School Change for Burlington High School has been in the works for as long as I can remember. There was a couple hundred thousand dollars here, a few hundred there. All for “School Change.” I recall sitting in meetings with my mother about Nellie Mae grant applications, wondering if all the awesome stuff they were discussing would ever actually come to school. I’ve been up front and informed since the beginning, talking about new classroom design, independent studies, the real planning and dreaming. Unfortunately, until very recently, there has been a large disconnect between the dreaming and the thinking and what was actually happening between the four brick walls that we call school. I have often been the only student at meetings, one of the few who wanted to get involved. It seemed school would never actually be involved.
The Partnership for Change has done an incredible job actually getting school involved, getting into the day to day nitty gritty that would send a lot of adults running. We have seen many changes, such as the integration of technology in classrooms, and the beginnings of Personalized Learning Plans. The start has been wonderful and very helpful but it still seemed to involve mostly adults, students continuing to be anomalous in the room dedicated to bettering their learning.
This is where School Innovation Seminar steps in. School Innovation Seminar (S.I.S.), a class started by Benjamin Roesch and Dov Stucker, gets students involved with school change. The curriculum includes all the ideas that are being discussed by the Partnership for Change, as well as discussing and exploring neuroscience, learning styles, tracking, motivation and many other relevant topics. The class really helps students take ownership of their learning, they have identified their specific learning styles, taught the class lessons about subjects they were passionate about, and discussed open versus closed mindsets, among other wonderful things. S.I.S. is really the first of its kind, many of the projects and assignments don’t necessarily fit the typical grading system. Every quarter each student fills out a rubric about their growth and in class performance, they then have a discussion with the teachers about said growth. The hallmark project of School Innovation Seminar is ‘inquiry projects.’ These open ended, broad range projects really allow the students to explore school and questions they may have about the system. The projects are less about the product and more about the learning. Topics have ranged from Circadian Rhythm’s effects in school, to video game design. Everything in the class is geared toward school change, getting students to want to have a say and giving them the ability to express their opinions to more than just the class.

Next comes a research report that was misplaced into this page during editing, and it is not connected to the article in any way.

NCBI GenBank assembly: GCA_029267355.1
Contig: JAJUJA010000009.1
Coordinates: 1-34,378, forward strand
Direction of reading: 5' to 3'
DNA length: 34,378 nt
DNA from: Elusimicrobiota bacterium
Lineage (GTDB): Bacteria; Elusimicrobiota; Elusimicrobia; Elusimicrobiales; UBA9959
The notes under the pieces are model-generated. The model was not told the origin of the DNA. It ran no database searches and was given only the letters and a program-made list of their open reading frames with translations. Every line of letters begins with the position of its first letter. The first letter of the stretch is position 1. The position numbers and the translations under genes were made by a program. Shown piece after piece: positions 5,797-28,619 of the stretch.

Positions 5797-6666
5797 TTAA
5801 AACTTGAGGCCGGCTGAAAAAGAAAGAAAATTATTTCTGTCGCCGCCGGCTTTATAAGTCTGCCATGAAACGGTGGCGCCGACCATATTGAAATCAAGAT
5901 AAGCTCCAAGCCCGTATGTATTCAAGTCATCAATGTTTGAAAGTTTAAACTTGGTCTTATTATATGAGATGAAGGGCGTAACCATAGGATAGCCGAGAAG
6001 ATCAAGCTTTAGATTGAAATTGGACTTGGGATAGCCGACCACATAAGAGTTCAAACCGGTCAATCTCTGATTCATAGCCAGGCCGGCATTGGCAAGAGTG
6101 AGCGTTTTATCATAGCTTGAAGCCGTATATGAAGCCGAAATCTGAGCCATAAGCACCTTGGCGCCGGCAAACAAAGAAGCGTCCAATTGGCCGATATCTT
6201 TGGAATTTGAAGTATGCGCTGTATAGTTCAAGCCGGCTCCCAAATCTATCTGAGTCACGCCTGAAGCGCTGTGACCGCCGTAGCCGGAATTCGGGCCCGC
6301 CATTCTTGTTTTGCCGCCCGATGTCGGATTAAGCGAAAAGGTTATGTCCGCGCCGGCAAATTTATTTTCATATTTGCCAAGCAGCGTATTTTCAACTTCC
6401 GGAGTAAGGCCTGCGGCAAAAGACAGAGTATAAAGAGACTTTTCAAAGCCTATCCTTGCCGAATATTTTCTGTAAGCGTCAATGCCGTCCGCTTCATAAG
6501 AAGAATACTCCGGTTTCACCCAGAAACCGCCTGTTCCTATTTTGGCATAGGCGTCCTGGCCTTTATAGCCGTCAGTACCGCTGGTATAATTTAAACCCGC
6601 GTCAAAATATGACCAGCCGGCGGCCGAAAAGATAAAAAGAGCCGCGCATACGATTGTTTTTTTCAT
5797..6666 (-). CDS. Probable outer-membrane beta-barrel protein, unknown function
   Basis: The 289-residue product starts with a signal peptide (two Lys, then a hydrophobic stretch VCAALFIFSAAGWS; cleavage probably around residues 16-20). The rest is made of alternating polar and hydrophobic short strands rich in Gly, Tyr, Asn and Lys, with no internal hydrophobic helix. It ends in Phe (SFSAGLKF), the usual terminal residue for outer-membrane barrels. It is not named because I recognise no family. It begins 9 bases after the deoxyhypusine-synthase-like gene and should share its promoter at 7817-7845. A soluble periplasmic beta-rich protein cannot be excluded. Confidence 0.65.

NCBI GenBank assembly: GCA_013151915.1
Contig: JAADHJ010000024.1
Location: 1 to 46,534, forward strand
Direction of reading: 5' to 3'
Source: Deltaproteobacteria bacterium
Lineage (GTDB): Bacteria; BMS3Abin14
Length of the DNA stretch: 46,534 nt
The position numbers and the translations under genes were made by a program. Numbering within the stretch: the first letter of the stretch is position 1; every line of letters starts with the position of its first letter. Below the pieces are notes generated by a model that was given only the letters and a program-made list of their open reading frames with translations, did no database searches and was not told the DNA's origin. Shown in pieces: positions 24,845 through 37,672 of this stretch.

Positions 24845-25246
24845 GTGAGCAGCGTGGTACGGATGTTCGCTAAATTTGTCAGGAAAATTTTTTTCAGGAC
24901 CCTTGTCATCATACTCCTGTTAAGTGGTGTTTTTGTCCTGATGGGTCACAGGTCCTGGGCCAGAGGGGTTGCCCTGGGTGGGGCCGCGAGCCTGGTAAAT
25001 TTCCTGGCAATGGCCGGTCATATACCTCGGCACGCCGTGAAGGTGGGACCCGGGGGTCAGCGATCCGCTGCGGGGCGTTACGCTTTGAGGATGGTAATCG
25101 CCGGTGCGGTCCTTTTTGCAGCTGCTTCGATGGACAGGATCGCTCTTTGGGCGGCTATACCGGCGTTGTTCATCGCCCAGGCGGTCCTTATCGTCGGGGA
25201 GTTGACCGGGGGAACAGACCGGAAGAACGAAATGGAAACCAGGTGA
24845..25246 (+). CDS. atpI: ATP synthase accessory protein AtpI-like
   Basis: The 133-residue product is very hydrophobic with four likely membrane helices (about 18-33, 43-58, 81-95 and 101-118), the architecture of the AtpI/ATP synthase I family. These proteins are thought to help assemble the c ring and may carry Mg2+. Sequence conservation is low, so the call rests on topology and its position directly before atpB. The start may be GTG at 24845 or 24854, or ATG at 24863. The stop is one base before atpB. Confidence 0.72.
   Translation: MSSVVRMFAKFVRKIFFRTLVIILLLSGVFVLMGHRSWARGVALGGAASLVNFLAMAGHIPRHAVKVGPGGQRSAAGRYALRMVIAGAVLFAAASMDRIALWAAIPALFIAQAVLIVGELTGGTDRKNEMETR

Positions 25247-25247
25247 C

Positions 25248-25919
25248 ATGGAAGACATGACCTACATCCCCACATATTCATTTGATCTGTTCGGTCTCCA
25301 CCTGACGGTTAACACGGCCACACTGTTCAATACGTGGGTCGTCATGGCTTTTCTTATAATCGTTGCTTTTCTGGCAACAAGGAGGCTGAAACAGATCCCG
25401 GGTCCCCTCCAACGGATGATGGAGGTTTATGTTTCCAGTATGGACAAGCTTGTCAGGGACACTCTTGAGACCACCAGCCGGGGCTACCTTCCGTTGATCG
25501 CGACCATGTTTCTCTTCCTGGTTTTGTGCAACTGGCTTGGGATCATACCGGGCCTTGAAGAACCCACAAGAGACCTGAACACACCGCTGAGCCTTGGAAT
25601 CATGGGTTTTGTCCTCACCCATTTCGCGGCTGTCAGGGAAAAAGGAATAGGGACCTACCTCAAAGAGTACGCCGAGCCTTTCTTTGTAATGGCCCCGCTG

S.I.S. is the perfect culmination of all the wants and needs of school change. It is both a pilot class that tries out new and different ways of learning, teaching, and grading, as well as being a place to get students’ voices involved in school change. It allows kids to get a tangible grasp on what the rest of school could be like while allowing them to dream bigger and really plug into what is happening in their community.
Lily Weissgold is a member of the class of 2016 at Burlington High School and a student in the School Innovation Seminar for 2013-14.